The City Council will look at the Seal Beach budget for 2021-22 on Monday, June 14.
Based on council member comments during a recent budget workshop, the future of the community pool project is unclear, though staff is apparently committed to a public outreach effort before making recommendations to the council. Public Works Director Steve Myrter said another feasibility study is needed for the current swimming pool. (The last McGaugh Elementary Pool feasibility study was dated September 2008.) Staff is also committed to public outreach on a possible restaurant at the end of the pier.
On May 25, staff and the council held a budget workshop on the city’s proposed improvement projects for the next five years. (Details of the June 2 virtual town hall were not available by editorial deadline. The Sun will report on that meeting in the June 10 issue.) The council also discussed the online budget survey (still in progress) and the five-year budget forecast. (The Finance Department Director said a financial forecast will change within 24 hours of presentation.)
Finance Director Kelly Telford told the council that the pier restrooms and the pier abutment were in the 2021-22 budget. Some projects recently discussed during the March strategic planning workshop were not—including the long-proposed swimming pool replacement/renovation, the possible Lifeguard headquarters replacement/renovation, and the tennis center. According to Telford, staff would bring those projects back to the council when the scope of the projects and the costs can be determined.
Public Works Director Myrter said one of the biggest challenges the city is facing this year is that construction costs are spiraling. He described the costs as “volatile” and expected them to be that way for the next six months.
Myrter said the Seal Way Storm Drain Project was shovel-ready.
Turning to the five-year improvement program, Myrter started with the city’s water and sewer projects.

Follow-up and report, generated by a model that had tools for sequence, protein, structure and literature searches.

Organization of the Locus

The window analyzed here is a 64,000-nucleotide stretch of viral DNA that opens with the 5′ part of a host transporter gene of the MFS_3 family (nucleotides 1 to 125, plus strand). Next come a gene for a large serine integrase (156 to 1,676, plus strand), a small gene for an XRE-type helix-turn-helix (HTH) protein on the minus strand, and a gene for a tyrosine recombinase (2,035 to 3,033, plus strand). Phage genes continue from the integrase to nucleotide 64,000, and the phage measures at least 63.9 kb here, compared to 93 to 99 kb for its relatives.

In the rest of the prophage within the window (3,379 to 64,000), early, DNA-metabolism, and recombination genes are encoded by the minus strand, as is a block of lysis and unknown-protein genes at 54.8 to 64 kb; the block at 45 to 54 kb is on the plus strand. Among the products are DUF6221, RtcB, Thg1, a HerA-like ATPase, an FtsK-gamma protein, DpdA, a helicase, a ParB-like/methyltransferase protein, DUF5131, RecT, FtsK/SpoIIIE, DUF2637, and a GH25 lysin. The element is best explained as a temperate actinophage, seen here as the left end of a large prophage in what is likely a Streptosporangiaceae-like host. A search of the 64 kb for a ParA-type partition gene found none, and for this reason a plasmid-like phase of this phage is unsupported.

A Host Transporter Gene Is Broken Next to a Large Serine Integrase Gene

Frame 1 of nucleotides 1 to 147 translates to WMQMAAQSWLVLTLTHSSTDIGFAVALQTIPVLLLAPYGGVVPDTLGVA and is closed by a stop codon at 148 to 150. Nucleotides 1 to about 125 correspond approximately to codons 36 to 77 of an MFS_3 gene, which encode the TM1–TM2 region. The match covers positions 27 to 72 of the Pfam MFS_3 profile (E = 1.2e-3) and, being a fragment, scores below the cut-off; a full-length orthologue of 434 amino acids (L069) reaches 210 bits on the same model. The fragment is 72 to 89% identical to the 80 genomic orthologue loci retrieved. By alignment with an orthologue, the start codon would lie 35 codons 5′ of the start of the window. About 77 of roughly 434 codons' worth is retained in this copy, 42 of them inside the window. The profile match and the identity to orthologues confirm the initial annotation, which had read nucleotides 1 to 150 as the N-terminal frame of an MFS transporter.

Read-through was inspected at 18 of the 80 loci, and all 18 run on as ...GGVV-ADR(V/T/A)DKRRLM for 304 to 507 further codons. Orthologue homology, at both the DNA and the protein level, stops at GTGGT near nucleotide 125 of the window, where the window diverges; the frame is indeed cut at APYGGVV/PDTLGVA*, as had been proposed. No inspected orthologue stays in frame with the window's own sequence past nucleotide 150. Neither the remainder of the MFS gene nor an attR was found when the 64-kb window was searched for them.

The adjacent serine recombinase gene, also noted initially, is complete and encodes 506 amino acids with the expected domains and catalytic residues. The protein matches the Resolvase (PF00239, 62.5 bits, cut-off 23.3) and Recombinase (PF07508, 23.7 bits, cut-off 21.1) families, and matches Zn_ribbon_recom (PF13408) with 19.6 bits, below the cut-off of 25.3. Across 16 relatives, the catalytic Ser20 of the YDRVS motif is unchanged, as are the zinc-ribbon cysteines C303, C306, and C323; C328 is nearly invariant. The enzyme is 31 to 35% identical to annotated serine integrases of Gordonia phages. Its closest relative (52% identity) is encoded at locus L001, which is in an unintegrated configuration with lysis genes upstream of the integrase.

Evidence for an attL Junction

“I’m focusing on the well facilities first,” he said. Myrter said he was doing that so Seal Beach will be less dependent on imported water. (Last month, Gov. Gavin Newsom declared a drought emergency in 41 California Counties.)
Myrter said staff would use part of the money budgeted for the Tennis Center to pay for a preliminary evaluation of the locker room, restrooms, and clubhouse. The money would be used to determine the design and scope of the project.
District Three Mike Varipapa asked how the proposed restaurant at the end of the pier would work. Would a restauranteur pay for the building or would the city pay for the building.
Telford said the city would need to build a structure. She said it was common for a city to build the structure and the tenant would pay for improvements.
“We would pay a significant portion before a tenant would come in,” Telford said.
District Five Councilwoman Sandra Massa-Lavitt asked if the council could re-prioritize improvement projects?
“The council could absolutely re-prioritize these projects,” Telford said.
However, she said some projects have begun and have a contract.
Some council members were concerned about the pool project.
“In terms of the pool project, if I had my way, knowing what I know now, I would take the pool off the list,” Massa-Lavitt said.
She said there was no way the city could fund it and it would be difficult to maintain the pool through the years.